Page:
repetition frequency to ensure maximum ma-             cedure would be angiography in almost all in-
chine sensitivity to slow flow. Our data are sim-      stances. Although the risks of cerebral angiog-
ilar to those of Mattos et al (8), who described       raphy are low (10), it could be argued that if a
color Doppler flow imaging in 109 vessels with         patient with occlusion had a complication as a
80% to 99% stenosis angiographically and 83            result of the angiography, the diagnosis of oc-
vessels with 100% stenosis (occlusion), al-            clusion by sonographic examination exposes
though the angiographic method for measure-            the patient to more risk, implying that the
ment is not given. These researchers reported          sonography is of limited value in patient treat-
100% sensitivity and specificity in a subgroup of      ment. However, with the increasing use of mag-
100 patients examined later in their 31⁄2-year         netic resonance (MR) angiography, there may
study period, when they had slow-flow technol-         come a time when MR angiography, rather than
ogy in their color Doppler unit.                       conventional angiography, is widely accepted
   It is reassuring that, in our series, the only      as the next investigative step. Certainly, recent
diagnostic errors made with the use of Doppler         data suggest that MR angiography is a good
imaging were in misinterpreting angiographic           complement to sonography in determining in-
occlusion of the internal carotid artery as near       ternal carotid artery occlusion (11). Moreover,
occlusion, thus explaining our lower specificity       the use of intravenous microparticle contrast
rate. Our results are similar to those of Gortler et   material may assist in the sonographic detec-
al (9), in which three of 106 occlusions were          tion of very slow flow near occlusions as well as
misinterpreted on color Doppler flow images as         in differentiating them from occlusions (12). In
near occlusion. The reasons for apparent vessel        this way, the patient may not be subjected un-
                                                       necessarily to the risks of angiography merely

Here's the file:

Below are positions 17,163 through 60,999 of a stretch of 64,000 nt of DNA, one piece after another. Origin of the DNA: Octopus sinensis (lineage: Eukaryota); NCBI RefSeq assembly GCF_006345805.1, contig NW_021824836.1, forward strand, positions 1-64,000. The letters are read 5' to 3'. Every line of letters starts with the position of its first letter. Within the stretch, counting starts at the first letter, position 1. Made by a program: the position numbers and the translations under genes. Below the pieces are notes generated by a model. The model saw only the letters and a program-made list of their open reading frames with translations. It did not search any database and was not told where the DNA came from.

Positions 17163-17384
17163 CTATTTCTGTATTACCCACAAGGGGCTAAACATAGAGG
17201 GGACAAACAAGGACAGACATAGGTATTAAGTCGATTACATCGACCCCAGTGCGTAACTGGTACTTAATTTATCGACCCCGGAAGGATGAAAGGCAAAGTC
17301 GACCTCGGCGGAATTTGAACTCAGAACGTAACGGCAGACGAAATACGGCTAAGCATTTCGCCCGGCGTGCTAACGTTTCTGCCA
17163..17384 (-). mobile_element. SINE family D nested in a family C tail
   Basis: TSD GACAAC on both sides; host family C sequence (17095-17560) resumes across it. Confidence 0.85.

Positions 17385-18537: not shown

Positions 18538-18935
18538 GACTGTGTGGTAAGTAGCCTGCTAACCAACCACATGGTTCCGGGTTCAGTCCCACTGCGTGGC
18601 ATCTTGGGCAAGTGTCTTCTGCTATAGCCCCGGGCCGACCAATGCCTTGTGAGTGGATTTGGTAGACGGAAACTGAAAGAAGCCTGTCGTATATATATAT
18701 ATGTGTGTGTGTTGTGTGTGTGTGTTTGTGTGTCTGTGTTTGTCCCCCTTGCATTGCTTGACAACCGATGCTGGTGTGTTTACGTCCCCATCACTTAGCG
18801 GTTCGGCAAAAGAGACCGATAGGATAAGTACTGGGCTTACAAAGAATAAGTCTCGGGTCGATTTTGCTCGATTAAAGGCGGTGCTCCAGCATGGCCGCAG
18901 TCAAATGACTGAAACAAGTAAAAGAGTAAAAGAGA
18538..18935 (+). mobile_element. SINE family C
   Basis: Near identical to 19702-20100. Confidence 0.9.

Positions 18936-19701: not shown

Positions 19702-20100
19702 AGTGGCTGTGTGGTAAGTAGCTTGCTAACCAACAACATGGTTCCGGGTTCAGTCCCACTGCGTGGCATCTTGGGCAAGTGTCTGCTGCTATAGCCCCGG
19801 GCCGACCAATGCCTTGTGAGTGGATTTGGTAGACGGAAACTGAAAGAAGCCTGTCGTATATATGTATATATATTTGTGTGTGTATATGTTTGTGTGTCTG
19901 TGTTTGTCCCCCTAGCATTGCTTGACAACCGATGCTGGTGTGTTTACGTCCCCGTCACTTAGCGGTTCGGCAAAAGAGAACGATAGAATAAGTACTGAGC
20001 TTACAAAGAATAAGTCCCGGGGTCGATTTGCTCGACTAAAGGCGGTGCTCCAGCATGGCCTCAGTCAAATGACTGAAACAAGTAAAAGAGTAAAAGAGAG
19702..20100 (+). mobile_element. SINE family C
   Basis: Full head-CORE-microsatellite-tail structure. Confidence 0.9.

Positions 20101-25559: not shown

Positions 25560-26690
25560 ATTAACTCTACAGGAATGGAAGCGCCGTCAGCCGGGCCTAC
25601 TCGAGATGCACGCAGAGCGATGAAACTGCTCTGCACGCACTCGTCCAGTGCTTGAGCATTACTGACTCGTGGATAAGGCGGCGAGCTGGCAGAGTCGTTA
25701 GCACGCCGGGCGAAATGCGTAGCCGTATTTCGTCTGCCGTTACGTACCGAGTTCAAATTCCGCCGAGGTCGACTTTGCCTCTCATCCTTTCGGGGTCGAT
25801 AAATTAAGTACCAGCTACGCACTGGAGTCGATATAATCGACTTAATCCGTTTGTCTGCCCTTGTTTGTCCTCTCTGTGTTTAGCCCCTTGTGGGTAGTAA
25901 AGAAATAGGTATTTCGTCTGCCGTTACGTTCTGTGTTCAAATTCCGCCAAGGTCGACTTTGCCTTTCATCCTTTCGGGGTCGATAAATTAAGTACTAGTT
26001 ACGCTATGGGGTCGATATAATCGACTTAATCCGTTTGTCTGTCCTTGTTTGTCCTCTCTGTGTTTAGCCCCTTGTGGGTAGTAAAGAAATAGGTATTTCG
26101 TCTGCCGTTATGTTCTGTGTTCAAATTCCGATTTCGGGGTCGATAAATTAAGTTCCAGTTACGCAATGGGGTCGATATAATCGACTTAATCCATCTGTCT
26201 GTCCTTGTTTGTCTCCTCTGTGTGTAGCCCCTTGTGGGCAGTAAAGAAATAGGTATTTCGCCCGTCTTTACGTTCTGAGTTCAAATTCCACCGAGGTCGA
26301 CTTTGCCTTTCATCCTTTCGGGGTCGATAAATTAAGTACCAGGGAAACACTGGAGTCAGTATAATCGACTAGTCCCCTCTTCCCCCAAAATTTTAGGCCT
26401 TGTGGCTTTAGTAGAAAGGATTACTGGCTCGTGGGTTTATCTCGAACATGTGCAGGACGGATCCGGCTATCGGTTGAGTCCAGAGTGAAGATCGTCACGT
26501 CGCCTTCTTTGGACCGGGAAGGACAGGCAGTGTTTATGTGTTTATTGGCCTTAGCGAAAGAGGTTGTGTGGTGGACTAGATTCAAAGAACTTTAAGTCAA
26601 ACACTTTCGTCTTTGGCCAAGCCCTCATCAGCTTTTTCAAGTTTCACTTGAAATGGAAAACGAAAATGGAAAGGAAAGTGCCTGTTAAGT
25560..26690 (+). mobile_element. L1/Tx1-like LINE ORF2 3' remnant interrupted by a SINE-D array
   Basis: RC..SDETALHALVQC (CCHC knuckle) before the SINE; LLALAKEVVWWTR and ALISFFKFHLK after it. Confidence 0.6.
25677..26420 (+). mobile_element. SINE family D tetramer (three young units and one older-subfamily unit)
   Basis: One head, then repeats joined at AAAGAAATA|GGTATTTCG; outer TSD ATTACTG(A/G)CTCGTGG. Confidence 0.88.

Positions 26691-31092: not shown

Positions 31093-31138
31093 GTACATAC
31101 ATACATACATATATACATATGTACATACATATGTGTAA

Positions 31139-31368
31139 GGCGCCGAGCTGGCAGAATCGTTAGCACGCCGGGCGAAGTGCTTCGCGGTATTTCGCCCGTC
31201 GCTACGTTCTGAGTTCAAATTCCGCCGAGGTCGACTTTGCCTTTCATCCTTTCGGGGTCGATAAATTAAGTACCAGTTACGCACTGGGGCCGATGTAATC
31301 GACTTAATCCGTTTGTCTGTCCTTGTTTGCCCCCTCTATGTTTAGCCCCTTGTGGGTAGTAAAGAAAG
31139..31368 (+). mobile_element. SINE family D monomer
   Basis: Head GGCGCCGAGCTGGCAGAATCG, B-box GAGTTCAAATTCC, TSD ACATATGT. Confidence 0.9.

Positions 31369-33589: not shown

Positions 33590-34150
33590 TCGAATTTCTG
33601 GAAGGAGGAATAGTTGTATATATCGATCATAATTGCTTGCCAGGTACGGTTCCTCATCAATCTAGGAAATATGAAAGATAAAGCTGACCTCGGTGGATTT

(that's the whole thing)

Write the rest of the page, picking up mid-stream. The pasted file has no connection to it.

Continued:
patency on color Doppler flow images are vari-
                                                       to verify arterial occlusion.
able. Possible explanations are interpretative er-
                                                          We had no cases in which angiography was
ror in which the stump is called a patent vessel
                                                       inadequate for demonstrating near occlusion.
(see Fig 3) or another vessel is mistaken for the
                                                       Inadequate examinations could potentially oc-
internal carotid artery (in particular, the ascend-    cur with the use of nonselective angiography,
ing pharyngeal artery). This might be the expla-       improper timing of filming, causing very slow
nation in the case in which there was a short          flow in the internal carotid artery (which would
interval between angiography and sonography.           be seen only in the venous phase) to be missed,
Other explanations include interval occlusion of       or nonsubtraction of the delayed images, with
the internal carotid artery (as might have been        the residual lumen missed on the unsubtracted
the situation for the patient in whom a month          images.
elapsed before angiography was performed) or              We are not proposing that sonography alone
iatrogenic occlusion of the vessel (although this      replace arterial angiography. However, our find-
possibility would be highly unlikely). Another         ings do suggest that when thorough sono-
theory, postulated by Gortler et al (9), involves      graphic examination shows no evidence of flow
“thrombus-supplying arteries,” presumably              in the internal carotid artery on the symptom-
vascularized thrombus, which may produce ap-           atic side, conventional angiography need not be
parent flow in occluded vessels.                       done. Transcranial Doppler sonography, espe-
   The apparently higher specificity of duplex         cially color Doppler sonography (13, 14) of
sonography for detecting near occlusion is at          both the anterior and posterior circulation, and
the expense of a significant (20%) decrease in         MR angiography may also be able to alleviate
sensitivity. Also, in the second phase of our          the concern of missing a nearly occluded vessel
study, color Doppler imaging was almost al-            or to locate the disease more precisely, as has
ways done, with conventional Doppler sampling          been suggested (15). Finally, while color Dopp-
obtained from the color Doppler information, so        ler flow imaging may more successfully depict
that it was not operator-dependent. This would         near occlusions, it still has the inherent limita-
raise the sensitivity of conventional duplex im-       tions of sonography; namely, that calcified
aging, which is reflected in our figures.              plaque may obscure vessel patency or that ad-
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ditional abnormalities, such as intraluminal                           7. Berman SS, Devine JJ, Erdoes LS, et al. Distinguishing carotid